Hi all, this is Ste LOFO. I’ve been peddling around the idea of writing and documenting what we do. That comes with considerable doubt and a lot of fear to be honest. But it’s important that this whole experience catches some shape. I’m thinking that for all people in business and especially in the fashion industry, just starting out, it will be important at some point in their journey.
Right now we’re camped in our home, a one bedroom in South East London. Planning the next LOFO edit – it will take many things from the lockdown experience and reinterpret them in a physical setting. Pieces for the next edit are in production in Romania, where the main workshop we work with slowly returned from isolation.
There is a drive to make new things that I noticed when talking to people in the industry. Many shifts are taking place.
On a larger scale, mammoth producers are beginning to talk about backward integration and semi-automation. That means that they’re going up the production chain, buying and integrating parts that defaulted during the virus crisis. Near-shoring is another thing that often pops up in their plans. Of course, when they’re talking about that they’re thinking Turkey instead of China. You probably know our plans to move production to London, right in the middle of it all. That’s basically on-shoring, as the distance towards the buyer is practically zero. That of course impacts many things related to sustainability of transport. Think of all the extra emissions necessary to transport out-of-factory stocks to warehouses. And the fact that the transport routes aren’t necessarily green. The China made blouse, even if it’s organic cotton, could have travelled by ship and road for a long time before it got to the warehouse before reaching you. There is no assurance that anybody down that sourcing chain thought about how to reduce their footprint.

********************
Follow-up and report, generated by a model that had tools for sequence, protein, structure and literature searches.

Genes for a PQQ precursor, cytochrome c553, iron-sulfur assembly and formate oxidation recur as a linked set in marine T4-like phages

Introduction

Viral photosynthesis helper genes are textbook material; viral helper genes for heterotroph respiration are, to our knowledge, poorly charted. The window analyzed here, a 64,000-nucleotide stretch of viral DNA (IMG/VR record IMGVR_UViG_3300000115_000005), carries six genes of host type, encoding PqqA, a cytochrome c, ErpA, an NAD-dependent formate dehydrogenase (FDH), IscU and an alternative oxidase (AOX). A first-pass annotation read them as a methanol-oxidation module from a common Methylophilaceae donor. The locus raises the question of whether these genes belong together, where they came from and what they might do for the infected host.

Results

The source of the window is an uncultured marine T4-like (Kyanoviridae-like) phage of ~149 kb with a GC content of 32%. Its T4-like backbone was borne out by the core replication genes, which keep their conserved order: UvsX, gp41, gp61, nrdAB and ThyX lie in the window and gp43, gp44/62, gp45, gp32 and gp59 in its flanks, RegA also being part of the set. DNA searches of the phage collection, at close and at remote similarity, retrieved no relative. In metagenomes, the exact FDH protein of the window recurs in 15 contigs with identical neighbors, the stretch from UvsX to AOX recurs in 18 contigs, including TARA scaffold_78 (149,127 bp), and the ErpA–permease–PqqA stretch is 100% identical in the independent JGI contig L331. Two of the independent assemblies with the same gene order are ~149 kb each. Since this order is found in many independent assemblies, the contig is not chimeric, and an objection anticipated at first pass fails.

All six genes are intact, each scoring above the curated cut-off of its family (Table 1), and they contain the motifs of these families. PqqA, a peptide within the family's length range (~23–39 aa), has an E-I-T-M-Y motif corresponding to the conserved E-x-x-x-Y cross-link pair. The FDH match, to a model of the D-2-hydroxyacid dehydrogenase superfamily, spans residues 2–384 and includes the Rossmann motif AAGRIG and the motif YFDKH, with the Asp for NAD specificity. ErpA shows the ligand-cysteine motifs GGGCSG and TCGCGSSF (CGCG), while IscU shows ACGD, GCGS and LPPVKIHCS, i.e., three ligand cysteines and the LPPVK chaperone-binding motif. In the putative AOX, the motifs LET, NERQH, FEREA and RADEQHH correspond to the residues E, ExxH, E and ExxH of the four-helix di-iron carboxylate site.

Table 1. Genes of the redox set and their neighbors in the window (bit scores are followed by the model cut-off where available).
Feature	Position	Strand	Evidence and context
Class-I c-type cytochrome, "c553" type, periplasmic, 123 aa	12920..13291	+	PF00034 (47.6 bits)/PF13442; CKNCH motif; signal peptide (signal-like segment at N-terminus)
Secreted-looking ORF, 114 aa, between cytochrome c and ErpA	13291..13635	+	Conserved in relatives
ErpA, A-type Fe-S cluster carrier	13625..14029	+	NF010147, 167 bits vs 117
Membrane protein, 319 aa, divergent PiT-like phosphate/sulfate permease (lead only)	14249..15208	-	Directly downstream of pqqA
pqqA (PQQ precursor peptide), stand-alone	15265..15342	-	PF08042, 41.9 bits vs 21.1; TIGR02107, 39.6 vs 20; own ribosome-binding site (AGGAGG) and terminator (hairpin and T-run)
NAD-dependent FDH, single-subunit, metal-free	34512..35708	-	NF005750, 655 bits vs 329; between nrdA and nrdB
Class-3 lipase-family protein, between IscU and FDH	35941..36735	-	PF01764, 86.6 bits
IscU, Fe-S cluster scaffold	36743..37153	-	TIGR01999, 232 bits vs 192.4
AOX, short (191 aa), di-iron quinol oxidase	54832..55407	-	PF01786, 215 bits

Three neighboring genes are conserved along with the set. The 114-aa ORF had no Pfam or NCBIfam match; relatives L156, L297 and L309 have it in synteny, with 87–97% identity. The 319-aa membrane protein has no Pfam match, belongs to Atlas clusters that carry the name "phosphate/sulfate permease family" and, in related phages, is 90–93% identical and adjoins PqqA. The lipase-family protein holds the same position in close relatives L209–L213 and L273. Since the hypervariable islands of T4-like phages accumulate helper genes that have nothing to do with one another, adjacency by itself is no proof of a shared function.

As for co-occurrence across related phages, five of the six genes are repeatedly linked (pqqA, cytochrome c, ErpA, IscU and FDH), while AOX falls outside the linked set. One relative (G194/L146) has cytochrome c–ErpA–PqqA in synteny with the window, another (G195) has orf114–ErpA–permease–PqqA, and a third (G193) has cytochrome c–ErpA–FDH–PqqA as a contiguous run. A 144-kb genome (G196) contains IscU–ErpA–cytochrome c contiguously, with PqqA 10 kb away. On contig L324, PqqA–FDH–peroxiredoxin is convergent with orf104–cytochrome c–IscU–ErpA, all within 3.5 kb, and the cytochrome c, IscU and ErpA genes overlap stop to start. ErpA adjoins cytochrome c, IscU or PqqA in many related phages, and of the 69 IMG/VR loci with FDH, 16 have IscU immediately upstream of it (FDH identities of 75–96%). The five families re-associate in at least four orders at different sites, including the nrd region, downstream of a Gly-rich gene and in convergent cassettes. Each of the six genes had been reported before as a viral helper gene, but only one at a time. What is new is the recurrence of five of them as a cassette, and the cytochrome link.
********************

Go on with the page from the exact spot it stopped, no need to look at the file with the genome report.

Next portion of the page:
Smaller players is where beauty lies. Everybody’s scouring around, scared for their impending doom aka destabilised cashflows. Yet small producers don’t seem to be engulfed in that gloom. Some of them are making things like Emergency Designer Network. Or teaching. Or thinking about how to better approach facets of sustainability. Generally now you see why sustainability was mostly a nice to have for most high-market producers and retailers. Paradoxically, from now on it might be the big thing, the differentiator, in a new era.
Would it be ok to call it an era? From many angles, it feels like it is. From others angles it looks like a bump in a steady journey. Being in the middle of the transition must feel like nothing is changing too much. But zoom out and there might be a lot of things changing at once. BOF just released a Covid-19 special report. It’s available for download. Their past reports (2017-2018) were indefinitely optimistic. Towards 2019 they veered towards caution, as a financial hiccup (or full blown crisis, as far as anybody could tell) was looming. Now it’s about gathering corpses from the battlefield. And also talk about reformation. How much of that is pure talk we’ll have to see. What’s certain is that there are many signs that many things will shake and many will suffer systemic changes. That qualifies as an era if you ask me. What will define the things that come next is hard to say. There are a few hints on the horizon. Will write about those, since this turned out to be a little longer than planned.